Music, Sound, and the Moving Image

Searching for Soul, Reframing the Pursuit of Capital

A Comparison of Kahlil Joseph’s and Derek Pike’s ‘I Need A Dollar’ Music Videos

Music, Sound, and the Moving Image (2022), 16, (1), 53–77.

Abstract

Two music videos were commissioned for Aloe Blacc’s breakthrough song ‘I Need A Dollar’ (2010). The Harlem, New York version directed by Kahlil Joseph adopts a split-screen technique, depicting an unnamed man negotiating the city’s busy streets while, at the same time, framing Blacc as a directionless musician singing wistfully at the window of a dilapidated flat. Derek Pike’s Las Vegas, Nevada version, on the other hand, portrays the singer as a struggling musician traversing the desert before - unexpectedly - winning the jackpot at a casino. This article explores two main lines of argument. Firstly, I explore how institutional and industrial contexts result in two distinguishable music videos, suggesting that although both versions are created in similarly professional and commercialised settings one video is produced within a more ‘independent’ environment. Secondly, I explore how two different music videos can emphasise or de-emphasise certain elements of a song’s content and meaning, drawing from Emily J. Lordi’s theorisation of ‘soul’ to suggest that the ‘soul music’ qualities of Blacc’s ‘I Need A Dollar’ record are emphasised when practitioners adopt a more ‘soulful’ approach to music video creation (Lordi, 2020).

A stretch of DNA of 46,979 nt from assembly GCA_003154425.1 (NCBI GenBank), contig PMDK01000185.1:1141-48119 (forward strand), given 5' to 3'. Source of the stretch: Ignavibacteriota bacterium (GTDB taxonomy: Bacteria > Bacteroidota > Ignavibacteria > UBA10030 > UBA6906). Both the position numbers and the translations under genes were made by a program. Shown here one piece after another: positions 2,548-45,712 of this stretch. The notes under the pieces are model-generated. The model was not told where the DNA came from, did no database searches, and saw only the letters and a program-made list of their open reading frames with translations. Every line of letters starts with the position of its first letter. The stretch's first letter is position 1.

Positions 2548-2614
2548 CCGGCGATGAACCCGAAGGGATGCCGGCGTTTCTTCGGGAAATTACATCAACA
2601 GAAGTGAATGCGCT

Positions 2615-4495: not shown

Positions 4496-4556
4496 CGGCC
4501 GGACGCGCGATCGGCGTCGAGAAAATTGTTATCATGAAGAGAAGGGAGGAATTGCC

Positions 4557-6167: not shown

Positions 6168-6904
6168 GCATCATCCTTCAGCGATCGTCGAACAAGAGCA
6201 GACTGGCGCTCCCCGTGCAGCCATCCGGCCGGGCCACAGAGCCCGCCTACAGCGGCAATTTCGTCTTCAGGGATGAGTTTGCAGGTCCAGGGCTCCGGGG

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Author details

JACKSON, JOSEPH O.